- A student is required to pass all four written exams prior to the beginning of her sixth semester in the PhD program. A student is strongly encouraged to take the exams as soon as is consistent with his/her background in the material covered. There is to be no penalty if a student fails an exam in an early attempt.
- After having passed the written prelims, the student is admitted to the oral examination (“oral”). It should be held as soon as possible, and at most within 1 year from the time the student passes the written exams. An Oral Examination Committee consisting of the student’s Advisory Committee and two other faculty members approved by the Chair of the prelim committee conducts the oral. The recommended format for the oral is for the student to make a brief (20 minutes) presentation on an application of physics in contemporary science, engineering or technology, followed by an oral examination of basic physics concepts and contextual questions related to the student’s presentation. The student should discuss the topic of the oral in advance with his/her Principal Advisor.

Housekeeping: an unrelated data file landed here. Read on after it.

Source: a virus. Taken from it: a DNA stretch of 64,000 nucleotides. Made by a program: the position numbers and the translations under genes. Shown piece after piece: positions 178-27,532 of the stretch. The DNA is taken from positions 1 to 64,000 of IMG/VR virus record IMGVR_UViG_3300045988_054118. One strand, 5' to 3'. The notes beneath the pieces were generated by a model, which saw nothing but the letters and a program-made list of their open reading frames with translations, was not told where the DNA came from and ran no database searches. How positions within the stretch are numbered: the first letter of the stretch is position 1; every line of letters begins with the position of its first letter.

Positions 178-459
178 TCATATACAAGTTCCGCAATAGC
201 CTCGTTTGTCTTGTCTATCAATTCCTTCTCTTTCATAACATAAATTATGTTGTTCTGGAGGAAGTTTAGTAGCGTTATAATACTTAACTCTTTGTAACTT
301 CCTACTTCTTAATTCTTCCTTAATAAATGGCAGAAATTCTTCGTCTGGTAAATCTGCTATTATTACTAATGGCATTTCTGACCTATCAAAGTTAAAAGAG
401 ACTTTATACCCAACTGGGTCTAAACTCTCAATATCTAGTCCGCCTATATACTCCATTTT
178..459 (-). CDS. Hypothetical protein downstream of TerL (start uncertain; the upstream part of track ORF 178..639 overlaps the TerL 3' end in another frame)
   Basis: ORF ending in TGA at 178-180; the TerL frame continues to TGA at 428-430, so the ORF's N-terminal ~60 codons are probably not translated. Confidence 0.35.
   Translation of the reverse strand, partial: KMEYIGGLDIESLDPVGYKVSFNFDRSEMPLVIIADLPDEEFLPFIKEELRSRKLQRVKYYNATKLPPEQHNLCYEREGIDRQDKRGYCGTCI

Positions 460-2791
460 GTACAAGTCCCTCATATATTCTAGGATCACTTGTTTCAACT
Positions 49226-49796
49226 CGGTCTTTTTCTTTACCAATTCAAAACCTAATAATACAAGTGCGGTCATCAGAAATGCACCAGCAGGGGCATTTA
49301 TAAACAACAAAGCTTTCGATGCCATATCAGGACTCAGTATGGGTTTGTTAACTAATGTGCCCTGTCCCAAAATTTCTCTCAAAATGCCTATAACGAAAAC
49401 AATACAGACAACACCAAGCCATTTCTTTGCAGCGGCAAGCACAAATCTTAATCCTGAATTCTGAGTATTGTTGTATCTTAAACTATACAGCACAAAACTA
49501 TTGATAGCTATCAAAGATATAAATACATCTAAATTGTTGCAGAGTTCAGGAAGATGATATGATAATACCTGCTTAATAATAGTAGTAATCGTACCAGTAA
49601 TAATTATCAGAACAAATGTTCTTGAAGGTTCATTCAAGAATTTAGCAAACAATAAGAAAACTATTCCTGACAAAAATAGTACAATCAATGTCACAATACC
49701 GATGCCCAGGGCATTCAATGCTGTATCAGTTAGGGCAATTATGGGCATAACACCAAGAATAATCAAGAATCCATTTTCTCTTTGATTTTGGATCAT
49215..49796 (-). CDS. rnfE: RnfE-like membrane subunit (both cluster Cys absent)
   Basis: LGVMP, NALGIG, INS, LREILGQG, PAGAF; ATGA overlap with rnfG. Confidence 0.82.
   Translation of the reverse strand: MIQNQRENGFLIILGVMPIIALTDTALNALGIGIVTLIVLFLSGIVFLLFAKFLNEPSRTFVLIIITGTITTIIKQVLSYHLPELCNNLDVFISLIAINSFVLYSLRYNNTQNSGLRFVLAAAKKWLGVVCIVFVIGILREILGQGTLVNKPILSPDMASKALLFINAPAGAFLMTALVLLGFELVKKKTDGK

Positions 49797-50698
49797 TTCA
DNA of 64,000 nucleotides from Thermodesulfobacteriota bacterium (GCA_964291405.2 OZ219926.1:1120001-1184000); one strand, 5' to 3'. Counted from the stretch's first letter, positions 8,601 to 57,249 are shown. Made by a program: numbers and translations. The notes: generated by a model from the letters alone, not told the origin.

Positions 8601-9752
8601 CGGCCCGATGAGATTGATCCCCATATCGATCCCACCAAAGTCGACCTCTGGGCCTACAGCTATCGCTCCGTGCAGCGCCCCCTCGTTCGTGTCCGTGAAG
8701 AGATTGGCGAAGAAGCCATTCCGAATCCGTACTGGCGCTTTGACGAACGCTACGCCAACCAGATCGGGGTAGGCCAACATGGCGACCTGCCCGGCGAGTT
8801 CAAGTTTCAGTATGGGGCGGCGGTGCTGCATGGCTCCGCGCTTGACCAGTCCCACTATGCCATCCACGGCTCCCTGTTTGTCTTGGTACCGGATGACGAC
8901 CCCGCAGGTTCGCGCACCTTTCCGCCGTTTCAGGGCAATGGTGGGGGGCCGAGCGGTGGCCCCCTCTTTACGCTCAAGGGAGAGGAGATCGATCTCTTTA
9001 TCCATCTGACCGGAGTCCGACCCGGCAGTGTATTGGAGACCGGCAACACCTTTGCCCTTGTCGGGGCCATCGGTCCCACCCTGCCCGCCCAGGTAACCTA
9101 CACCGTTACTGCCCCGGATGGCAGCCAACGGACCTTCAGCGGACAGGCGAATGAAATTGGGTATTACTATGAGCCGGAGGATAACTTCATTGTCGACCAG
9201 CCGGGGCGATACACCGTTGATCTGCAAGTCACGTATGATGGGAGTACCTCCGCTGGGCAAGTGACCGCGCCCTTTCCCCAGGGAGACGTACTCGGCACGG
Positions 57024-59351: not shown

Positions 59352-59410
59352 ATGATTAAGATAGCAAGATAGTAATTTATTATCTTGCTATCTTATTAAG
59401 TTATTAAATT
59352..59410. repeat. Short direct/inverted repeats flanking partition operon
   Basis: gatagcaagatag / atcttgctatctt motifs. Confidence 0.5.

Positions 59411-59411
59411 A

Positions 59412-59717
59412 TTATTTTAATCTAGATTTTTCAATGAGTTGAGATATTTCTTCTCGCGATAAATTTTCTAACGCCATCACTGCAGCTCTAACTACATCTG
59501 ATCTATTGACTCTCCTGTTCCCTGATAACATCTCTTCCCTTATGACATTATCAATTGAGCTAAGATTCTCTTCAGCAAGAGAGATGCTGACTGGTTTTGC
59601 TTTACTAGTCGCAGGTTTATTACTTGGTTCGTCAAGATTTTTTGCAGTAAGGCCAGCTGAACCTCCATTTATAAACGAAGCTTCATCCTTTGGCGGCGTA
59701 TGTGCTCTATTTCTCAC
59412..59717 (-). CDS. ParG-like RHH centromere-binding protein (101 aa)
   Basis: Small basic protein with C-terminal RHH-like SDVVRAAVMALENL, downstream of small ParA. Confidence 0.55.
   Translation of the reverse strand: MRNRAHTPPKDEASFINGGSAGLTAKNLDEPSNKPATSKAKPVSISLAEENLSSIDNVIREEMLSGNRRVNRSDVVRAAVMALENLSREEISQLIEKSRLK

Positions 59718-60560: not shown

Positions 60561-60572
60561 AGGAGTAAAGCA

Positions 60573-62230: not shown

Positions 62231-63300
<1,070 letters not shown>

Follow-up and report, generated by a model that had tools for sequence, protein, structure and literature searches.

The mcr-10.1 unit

- Preparation: Students are encouraged to study copies of old Prelim (General) exams on file in the Physics Department main office.
Core curriculum (preparation for general exams)
Normal sequence for students entering with Bachelor’s Degree
Semester: 1 2 3 4 Fall Spring Fall Spring Course: 5101 5401 5402 5302 5201 5301 5500 5403
- 5101: Methods of Theoretical Physics I
- 5201: Theoretical Mechanics I
- 5301: Electrodynamics I